On the heels of rioting over police violence in Baltimore, the US Justice Department announced today that the Obama administration will be giving local police departments $US20 million in grants to buy body cameras for their officers.
The $US20 million is not a small amount of money — it's also the first sum that Congress has approved funding after Obama's proposal to provide $US75 million for police body cams over the next three years.
That said, $US20 million doesn't buy that many police cameras. Los Angeles is spending $US1.5 million to pay for the equipment, storage, and maintenance needed for 860 cameras. So you can extrapolate from that how this first round of Obama grants will probably cover a little over 11,000 body cams. An (obviously outdated) 2008 census from the Department of Justice said that there are just over 590,000 local police officers in the United States. That's not including local sheriffs or marshals, of which there are about 360,000. A number of police departments around the country are already using body cams to some extent or have plans to start.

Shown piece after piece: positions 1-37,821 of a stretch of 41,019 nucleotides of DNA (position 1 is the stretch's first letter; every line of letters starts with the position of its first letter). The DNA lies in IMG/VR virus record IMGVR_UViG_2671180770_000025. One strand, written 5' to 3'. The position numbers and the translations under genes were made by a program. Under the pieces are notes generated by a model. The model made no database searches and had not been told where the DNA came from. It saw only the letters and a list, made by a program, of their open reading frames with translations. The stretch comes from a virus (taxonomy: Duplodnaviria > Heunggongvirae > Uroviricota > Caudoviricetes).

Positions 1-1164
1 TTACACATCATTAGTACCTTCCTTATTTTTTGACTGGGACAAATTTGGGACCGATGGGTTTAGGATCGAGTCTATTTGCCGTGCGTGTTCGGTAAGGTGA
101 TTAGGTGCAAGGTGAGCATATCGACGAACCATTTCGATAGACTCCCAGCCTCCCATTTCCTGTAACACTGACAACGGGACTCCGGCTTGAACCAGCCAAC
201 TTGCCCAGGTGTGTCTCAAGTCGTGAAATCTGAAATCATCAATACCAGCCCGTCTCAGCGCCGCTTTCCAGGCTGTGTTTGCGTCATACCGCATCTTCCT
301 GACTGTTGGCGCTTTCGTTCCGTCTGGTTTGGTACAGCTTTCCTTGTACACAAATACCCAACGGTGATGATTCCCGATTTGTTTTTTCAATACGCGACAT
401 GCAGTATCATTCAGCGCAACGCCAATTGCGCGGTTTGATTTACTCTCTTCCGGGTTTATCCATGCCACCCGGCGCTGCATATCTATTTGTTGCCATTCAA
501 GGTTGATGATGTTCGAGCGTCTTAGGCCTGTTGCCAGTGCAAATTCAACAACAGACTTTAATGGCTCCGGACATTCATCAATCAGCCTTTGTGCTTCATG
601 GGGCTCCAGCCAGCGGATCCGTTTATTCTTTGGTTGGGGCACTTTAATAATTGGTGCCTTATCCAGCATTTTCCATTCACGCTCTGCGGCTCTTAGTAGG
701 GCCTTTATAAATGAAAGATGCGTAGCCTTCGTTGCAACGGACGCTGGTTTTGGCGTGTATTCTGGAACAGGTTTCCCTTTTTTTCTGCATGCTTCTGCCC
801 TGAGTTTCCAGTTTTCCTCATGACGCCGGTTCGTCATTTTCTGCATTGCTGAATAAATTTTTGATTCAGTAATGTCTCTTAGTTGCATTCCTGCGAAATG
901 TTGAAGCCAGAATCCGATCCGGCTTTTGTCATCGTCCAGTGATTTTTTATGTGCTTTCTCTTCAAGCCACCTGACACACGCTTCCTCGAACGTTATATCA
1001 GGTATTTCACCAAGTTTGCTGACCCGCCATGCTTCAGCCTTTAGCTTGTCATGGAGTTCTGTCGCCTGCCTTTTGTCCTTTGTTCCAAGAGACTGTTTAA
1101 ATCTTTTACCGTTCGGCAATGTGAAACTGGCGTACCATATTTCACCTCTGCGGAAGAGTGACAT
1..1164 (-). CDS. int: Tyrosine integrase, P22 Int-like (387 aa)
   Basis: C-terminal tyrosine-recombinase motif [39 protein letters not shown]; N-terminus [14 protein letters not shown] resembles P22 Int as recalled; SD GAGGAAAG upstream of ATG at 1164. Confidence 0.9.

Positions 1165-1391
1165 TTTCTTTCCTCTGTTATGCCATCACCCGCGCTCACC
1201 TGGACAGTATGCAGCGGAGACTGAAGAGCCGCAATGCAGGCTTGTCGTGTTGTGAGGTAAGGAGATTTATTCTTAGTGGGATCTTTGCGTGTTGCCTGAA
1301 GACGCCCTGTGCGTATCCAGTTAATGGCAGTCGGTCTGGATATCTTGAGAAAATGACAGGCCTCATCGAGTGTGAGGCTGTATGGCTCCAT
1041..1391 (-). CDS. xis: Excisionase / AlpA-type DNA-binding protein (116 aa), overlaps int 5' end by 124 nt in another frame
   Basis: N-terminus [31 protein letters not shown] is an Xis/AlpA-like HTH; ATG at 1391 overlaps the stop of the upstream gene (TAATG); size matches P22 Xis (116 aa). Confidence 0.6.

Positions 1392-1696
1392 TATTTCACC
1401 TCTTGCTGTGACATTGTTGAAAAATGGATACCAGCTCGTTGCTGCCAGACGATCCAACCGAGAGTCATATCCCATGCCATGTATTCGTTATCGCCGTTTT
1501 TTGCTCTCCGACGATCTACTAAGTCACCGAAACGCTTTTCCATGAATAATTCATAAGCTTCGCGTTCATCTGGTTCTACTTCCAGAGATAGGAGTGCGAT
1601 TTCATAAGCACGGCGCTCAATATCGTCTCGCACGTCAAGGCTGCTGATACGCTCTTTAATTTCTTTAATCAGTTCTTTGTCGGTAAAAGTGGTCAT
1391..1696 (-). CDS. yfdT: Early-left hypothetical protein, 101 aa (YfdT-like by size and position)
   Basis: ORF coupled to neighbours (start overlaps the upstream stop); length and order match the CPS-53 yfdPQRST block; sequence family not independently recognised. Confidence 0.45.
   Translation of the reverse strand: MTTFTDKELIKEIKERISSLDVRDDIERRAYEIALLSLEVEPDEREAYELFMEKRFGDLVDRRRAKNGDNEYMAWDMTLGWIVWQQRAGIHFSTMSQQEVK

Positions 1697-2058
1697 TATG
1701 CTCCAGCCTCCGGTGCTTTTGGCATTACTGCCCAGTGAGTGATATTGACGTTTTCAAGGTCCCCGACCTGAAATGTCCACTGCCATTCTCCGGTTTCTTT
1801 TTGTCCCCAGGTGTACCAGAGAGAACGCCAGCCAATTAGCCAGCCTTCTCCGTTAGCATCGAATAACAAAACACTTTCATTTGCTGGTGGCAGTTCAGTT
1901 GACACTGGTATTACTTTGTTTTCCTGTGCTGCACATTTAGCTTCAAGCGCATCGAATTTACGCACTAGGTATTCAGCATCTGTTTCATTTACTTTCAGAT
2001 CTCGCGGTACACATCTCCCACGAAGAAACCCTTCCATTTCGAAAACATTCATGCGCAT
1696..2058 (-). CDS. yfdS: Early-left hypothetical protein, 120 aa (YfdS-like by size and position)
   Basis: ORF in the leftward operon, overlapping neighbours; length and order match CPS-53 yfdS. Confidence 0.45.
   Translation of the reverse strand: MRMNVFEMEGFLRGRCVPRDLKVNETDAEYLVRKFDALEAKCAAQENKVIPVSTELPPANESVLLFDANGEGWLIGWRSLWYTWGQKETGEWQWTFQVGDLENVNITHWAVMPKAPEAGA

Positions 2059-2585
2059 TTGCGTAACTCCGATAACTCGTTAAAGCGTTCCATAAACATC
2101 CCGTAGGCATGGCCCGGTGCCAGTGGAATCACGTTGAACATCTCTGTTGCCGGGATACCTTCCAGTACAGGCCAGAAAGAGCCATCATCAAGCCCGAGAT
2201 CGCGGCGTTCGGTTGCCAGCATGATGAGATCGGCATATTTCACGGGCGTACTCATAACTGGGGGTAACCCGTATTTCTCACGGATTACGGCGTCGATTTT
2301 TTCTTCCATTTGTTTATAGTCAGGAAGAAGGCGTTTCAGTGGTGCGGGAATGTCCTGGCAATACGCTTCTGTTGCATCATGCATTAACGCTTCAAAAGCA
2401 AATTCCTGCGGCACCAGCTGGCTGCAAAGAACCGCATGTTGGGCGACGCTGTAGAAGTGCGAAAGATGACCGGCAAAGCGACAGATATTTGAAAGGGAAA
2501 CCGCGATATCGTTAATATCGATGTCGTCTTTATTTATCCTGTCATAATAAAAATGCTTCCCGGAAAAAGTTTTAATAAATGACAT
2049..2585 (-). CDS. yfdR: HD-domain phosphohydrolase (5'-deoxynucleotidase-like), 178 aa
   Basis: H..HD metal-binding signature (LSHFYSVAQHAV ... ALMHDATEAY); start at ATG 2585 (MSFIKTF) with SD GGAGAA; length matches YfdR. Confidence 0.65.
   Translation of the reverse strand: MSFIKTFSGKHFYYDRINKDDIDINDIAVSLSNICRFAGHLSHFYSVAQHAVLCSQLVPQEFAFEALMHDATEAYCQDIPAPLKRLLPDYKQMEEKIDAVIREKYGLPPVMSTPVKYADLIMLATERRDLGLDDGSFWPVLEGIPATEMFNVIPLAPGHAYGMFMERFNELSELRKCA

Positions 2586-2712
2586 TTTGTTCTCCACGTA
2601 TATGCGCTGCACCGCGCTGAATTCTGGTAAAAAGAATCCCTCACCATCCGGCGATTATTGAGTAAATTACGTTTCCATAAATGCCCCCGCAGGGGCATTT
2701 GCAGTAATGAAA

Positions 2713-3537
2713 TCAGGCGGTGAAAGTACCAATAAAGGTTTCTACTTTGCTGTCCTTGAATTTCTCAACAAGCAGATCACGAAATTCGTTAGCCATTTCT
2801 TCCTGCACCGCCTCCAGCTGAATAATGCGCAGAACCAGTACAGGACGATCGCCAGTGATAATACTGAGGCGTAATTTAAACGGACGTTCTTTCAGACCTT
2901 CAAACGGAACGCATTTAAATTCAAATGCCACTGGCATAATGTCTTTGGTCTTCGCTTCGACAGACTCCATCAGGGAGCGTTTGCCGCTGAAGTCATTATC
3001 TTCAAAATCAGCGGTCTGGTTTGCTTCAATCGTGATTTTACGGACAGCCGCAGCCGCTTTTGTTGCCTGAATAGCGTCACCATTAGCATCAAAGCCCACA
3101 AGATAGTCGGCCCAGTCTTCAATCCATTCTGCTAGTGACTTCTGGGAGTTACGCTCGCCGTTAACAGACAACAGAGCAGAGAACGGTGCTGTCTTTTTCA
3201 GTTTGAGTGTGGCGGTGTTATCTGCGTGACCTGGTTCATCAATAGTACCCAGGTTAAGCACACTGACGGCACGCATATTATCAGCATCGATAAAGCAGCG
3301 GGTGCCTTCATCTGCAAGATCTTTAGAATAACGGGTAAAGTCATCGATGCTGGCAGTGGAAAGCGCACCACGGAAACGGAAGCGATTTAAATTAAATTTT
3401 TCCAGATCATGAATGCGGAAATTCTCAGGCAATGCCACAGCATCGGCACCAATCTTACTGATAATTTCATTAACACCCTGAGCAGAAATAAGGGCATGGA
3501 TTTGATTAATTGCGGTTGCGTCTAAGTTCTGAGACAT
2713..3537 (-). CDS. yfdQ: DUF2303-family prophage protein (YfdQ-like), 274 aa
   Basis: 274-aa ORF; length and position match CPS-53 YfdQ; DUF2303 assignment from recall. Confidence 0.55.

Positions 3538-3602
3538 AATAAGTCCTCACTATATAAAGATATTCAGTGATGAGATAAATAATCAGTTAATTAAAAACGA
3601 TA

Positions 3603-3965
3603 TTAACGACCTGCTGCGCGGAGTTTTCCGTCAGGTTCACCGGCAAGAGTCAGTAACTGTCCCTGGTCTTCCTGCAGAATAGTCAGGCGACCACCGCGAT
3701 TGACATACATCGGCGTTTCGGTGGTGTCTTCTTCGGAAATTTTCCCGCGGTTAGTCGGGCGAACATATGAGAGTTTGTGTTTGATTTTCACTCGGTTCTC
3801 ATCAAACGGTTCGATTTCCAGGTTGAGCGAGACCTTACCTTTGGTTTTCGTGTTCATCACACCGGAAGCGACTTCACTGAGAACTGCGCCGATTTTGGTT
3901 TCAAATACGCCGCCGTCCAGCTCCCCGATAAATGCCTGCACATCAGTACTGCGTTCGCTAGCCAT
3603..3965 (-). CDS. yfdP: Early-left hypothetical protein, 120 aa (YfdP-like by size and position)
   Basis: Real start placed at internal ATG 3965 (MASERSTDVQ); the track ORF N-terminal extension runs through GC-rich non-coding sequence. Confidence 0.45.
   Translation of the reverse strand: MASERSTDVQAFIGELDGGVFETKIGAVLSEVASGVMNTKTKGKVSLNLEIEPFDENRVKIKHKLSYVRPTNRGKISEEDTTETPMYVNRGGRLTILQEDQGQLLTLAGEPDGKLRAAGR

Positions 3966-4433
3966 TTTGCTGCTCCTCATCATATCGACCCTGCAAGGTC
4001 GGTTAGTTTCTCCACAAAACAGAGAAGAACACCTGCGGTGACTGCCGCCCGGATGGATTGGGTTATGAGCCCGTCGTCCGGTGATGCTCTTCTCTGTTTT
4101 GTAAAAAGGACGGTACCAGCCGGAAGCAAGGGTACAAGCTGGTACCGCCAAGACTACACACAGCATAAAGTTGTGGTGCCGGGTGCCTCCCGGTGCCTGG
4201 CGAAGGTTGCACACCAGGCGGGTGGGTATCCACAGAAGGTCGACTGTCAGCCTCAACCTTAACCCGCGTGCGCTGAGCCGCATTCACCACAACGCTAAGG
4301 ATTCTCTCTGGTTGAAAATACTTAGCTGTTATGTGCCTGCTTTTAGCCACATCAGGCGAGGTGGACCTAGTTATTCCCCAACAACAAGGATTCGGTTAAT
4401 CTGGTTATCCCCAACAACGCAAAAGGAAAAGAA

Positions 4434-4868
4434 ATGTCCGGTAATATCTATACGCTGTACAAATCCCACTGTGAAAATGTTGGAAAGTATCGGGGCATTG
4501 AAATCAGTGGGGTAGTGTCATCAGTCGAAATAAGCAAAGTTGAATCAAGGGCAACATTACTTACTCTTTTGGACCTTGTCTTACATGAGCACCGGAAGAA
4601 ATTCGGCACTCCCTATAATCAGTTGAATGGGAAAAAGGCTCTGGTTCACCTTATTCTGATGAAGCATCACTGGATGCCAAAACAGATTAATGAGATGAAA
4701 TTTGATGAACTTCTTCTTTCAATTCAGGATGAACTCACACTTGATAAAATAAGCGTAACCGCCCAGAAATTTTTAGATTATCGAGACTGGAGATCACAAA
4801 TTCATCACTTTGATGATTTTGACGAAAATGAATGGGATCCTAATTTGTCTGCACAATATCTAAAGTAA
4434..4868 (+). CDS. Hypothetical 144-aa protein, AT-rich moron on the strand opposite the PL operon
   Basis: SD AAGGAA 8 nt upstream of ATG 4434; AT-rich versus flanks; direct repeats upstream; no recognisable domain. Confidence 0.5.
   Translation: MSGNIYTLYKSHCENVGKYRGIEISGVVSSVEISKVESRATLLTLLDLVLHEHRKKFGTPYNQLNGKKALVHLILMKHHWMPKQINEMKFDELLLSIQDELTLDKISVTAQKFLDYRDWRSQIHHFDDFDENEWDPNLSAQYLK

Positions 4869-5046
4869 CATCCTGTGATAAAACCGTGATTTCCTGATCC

Still, it marks a clear show of support from Washington for new and somewhat controversial technology. At the end of the day, an officer's body cam would not have seen what happened in the back of the police van, where Freddie Grey sustained fatal injuries. There's also a case to be made that body cams were designed to help police officers get off the hook. But there's no real way to know how much good body cams can do, until we supply more officers with body cams.